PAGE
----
Connect to share and comment
Analysis: As US troops became mired in fighting an insurgency, Iran extended its influence.
Editor's note: GlobalPost featured this article in "Great Weekend Reads," a free compilation of the week's most colorful stories. To receive Great Weekend Reads by e-mail, let us know at firstname.lastname@example.org.
BEIRUT, Lebanon — In February 2003, as he marshaled the United States for war, President George W. Bush declared: “A new regime in Iraq would serve as a dramatic and inspiring example of freedom for other nations in the region.”
Now, as the U.S. military concludes its combat role — which President Barack Obama will formally announce from the Oval Office on Tuesday — Iraq is indeed a dramatic example for the Middle East, but not in the ways that Bush and his administration envisioned. Iraq did not become a beacon of democracy, nor did it create a domino effect that toppled other dictatorial regimes in the Arab world. Instead, the Iraq war has unleashed a new wave of sectarian hatred and upset the Persian Gulf’s strategic balance, helping Iran consolidate its role as the dominant regional power.
The Bush administration argued that its goal was to protect U.S. interests and security in the long run. But the region is far more unstable and combustible than it was when U.S. forces began their march to Baghdad seven years ago. Throughout the Middle East, relations between Sunnis and Shiites are badly strained by the sectarian bloodletting in Iraq. Sunnis are worried about the regional ascendance of the Shiite-led regime in Iran; its nuclear program; its growing influence on the Iraqi leadership; and its meddling in other countries with large Shiite communities, especially Lebanon.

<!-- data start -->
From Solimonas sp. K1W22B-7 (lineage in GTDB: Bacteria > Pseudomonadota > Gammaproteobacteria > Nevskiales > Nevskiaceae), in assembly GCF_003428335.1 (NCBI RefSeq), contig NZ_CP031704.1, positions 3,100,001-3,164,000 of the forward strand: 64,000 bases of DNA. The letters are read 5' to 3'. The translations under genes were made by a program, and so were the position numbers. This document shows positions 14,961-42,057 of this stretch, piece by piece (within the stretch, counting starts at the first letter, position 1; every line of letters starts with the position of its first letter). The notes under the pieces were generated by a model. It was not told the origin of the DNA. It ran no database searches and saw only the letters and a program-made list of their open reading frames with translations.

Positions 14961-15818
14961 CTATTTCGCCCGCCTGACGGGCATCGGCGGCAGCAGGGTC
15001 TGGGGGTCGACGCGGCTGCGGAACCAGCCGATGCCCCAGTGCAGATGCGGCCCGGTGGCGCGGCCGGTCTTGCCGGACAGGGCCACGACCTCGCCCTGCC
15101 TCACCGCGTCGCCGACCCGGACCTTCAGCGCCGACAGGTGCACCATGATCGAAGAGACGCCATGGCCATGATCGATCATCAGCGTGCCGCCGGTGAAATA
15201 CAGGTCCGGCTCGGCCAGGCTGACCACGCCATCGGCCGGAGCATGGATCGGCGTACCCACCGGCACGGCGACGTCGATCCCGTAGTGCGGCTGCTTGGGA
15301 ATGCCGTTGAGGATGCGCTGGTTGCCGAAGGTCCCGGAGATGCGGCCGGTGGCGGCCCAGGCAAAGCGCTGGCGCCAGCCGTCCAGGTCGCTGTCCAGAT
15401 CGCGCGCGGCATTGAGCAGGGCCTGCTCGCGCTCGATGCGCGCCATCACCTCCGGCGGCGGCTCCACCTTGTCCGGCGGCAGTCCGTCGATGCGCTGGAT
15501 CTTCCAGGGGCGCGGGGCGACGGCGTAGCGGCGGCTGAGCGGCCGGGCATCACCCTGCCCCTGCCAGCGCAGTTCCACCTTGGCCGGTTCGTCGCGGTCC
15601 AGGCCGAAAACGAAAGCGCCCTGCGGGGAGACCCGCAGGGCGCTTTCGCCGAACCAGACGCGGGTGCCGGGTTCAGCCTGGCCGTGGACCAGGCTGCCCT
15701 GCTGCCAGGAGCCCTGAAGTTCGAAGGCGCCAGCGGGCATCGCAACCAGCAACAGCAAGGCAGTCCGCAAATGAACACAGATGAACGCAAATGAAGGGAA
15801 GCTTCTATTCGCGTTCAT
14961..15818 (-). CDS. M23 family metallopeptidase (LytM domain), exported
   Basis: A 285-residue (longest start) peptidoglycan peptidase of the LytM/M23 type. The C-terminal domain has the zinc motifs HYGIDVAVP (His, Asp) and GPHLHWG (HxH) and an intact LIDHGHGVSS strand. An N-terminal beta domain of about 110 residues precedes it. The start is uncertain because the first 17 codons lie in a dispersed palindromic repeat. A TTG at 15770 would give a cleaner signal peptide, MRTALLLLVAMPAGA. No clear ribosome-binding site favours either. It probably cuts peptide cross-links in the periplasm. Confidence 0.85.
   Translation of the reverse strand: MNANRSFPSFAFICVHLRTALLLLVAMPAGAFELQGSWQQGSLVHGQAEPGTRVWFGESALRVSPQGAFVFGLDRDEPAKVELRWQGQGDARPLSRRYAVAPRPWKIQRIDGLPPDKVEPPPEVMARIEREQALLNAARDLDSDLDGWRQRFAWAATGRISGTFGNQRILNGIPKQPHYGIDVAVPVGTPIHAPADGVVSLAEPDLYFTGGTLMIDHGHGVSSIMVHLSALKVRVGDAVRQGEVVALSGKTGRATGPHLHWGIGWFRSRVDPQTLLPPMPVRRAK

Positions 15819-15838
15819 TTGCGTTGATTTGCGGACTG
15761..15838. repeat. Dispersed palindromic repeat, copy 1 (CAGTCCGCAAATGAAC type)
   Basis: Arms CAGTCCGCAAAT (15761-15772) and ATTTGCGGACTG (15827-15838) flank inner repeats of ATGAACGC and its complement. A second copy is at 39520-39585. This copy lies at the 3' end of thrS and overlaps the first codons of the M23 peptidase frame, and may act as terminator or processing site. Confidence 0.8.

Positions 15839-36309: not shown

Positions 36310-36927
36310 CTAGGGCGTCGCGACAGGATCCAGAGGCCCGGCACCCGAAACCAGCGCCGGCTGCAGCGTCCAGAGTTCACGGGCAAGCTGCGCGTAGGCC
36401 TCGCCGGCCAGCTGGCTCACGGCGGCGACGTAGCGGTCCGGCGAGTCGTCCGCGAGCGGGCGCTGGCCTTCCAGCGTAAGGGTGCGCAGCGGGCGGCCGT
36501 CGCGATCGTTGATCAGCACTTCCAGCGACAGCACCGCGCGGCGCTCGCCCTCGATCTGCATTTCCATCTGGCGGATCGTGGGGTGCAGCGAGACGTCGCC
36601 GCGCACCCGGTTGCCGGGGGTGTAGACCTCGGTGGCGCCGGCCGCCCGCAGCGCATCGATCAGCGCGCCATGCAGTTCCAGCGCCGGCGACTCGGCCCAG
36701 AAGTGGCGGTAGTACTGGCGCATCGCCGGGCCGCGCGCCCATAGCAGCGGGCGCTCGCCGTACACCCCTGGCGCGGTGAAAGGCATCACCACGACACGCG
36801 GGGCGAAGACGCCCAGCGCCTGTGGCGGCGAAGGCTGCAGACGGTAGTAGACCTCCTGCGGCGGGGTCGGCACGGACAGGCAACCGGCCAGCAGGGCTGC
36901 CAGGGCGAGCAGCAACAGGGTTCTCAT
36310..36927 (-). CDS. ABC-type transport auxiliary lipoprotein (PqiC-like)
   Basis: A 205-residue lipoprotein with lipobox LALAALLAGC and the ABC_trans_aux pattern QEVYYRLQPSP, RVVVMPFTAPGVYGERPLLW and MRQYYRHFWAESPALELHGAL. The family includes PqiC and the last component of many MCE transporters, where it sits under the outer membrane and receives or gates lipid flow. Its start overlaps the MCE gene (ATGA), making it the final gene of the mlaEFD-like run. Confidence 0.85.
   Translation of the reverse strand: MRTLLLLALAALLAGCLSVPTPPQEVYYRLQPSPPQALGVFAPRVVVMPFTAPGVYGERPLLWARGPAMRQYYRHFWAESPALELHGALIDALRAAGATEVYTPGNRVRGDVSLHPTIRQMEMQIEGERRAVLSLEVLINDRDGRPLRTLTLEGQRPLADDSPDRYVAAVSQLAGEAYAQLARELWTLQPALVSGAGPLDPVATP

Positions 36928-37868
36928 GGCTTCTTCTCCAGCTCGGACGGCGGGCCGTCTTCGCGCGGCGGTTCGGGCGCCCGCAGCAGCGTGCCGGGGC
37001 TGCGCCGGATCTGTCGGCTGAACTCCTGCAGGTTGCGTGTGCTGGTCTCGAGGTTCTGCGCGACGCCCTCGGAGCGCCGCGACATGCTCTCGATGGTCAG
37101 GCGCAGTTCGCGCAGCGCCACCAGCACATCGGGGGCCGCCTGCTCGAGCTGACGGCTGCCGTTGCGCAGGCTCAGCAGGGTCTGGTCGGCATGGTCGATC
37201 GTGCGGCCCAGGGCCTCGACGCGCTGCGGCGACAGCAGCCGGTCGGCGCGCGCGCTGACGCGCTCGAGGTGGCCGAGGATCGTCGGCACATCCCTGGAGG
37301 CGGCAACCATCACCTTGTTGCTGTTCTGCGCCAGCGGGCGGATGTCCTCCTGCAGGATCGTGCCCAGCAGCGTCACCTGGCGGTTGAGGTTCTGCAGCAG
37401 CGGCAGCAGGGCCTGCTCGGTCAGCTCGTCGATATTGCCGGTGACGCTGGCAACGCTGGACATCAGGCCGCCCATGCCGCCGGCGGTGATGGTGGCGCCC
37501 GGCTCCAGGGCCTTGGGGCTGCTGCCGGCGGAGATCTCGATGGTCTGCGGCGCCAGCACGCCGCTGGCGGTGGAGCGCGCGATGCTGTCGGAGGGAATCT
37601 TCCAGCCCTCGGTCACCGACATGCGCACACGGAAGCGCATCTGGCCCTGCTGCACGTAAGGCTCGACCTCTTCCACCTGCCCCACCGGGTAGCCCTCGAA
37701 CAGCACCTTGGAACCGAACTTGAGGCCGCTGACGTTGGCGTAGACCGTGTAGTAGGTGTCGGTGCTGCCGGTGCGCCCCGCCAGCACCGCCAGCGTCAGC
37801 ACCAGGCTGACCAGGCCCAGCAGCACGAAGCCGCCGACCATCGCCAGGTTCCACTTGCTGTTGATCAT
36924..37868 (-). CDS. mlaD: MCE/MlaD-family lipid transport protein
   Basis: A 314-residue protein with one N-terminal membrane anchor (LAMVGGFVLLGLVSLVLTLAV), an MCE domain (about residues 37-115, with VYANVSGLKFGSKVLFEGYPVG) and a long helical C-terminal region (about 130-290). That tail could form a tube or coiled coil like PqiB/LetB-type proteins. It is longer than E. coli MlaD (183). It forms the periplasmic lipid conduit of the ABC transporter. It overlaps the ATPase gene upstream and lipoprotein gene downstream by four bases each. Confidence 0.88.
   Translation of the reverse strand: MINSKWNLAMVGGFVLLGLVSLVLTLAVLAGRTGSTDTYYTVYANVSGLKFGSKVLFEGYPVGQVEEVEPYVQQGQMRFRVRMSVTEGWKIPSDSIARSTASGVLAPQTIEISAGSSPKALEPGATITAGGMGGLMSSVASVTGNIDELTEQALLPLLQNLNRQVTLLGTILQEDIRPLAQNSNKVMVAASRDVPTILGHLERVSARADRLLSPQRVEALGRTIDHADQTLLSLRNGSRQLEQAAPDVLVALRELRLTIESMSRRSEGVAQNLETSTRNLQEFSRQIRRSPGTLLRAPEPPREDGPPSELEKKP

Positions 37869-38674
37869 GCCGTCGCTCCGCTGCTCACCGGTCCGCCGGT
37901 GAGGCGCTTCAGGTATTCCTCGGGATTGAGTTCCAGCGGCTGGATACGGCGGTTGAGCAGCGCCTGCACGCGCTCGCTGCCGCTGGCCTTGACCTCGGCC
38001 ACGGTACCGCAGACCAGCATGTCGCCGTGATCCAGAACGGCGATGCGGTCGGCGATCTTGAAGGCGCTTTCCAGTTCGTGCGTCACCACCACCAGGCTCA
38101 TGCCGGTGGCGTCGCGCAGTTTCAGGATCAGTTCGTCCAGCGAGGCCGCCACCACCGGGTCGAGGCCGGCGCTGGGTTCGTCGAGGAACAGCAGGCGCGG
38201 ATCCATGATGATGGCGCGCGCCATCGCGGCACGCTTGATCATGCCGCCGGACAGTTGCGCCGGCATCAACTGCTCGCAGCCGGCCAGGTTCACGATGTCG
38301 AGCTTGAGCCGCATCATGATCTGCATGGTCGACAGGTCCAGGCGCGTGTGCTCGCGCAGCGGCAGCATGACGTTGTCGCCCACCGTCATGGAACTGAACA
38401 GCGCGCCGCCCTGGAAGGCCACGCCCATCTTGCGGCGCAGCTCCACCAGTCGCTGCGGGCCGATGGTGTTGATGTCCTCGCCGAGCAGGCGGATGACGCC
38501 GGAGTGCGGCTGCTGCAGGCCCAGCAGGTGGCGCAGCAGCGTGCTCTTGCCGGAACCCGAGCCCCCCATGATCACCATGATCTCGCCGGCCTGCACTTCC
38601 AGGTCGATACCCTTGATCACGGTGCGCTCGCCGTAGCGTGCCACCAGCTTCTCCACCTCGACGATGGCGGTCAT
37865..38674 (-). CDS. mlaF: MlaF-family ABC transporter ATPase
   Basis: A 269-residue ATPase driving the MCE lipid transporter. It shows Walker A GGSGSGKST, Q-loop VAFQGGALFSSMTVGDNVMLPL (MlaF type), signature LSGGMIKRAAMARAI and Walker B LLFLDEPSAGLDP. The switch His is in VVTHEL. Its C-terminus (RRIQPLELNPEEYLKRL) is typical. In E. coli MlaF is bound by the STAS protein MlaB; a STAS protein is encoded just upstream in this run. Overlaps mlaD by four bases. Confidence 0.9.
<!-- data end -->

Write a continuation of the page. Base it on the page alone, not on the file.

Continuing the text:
Iran is the biggest beneficiary of the American misadventure in Iraq. The U.S. ousted Tehran’s sworn enemy, Saddam Hussein, from power. Then Washington helped install a Shiite government for the first time in Iraq’s modern history. As U.S. troops became mired in fighting an insurgency and containing a civil war, Iran extended its influence over all of Iraq’s Shiite factions.
Today’s Middle East has been shaped by several proxy wars. In Iraq, neighboring Sunni regimes backed Sunni militants, while Iran supported Shiite militias. In Lebanon, an alliance between Washington and authoritarian Sunni Arab regimes — Egypt, Jordan, Saudi Arabia and other Persian Gulf countries — backed a Sunni-led government against Hezbollah, a Shiite militia funded by Iran. And in the Palestinian territories, Iran and Syria supported the militant Hamas, while the U.S. and its Arab allies backed Palestinian President Mahmoud Abbas and his Fatah movement.
In 2007, at the height of the insurgency and sectarian conflict in Iraq, I went to see Marwan Kabalan, a political scientist at Damascus University. He explained the regional dynamics better than anyone else. “Everyone is fighting battles through local proxies. It’s like the Cold War,” he told me. “All regimes in the Middle East recognize that America has lost the war in Iraq. They’re all maneuvering to protect their interests and to gain something out of the American defeat.”
With U.S. influence waning and Iran ascendant, Iraq’s other neighbors are still jockeying to gain a foothold with the new government in Baghdad. For example, Saudi Arabia’s ruling Al-Saud dynasty views itself as the rightful leader of the Muslim world, but Iran is challenging that leadership right now. Although Saudi Arabia has a Sunni majority, its rulers fear Iran’s potential influence over a sizable and sometimes-restive Shiite population concentrated in the kingdom’s oil-rich Eastern Province. In Bahrain (another American ally in the Persian Gulf), the Shiite majority is chafing under Sunni rulers who also fear Iran’s reach.
Even worse, the brutal war between Iraq’s Shiite majority and Sunni minority unleashed sectarian hatreds that are difficult to contain. This blowback has been most keenly felt in Lebanon, a small country with a history of religious strife. During Lebanon’s 15-year civil war, which ended in 1990, the sectarian divide was between Muslims and Christians. This time, the conflict is mainly between Sunnis and Shiites — and it is fueled, in part, by the bloodbath in Iraq.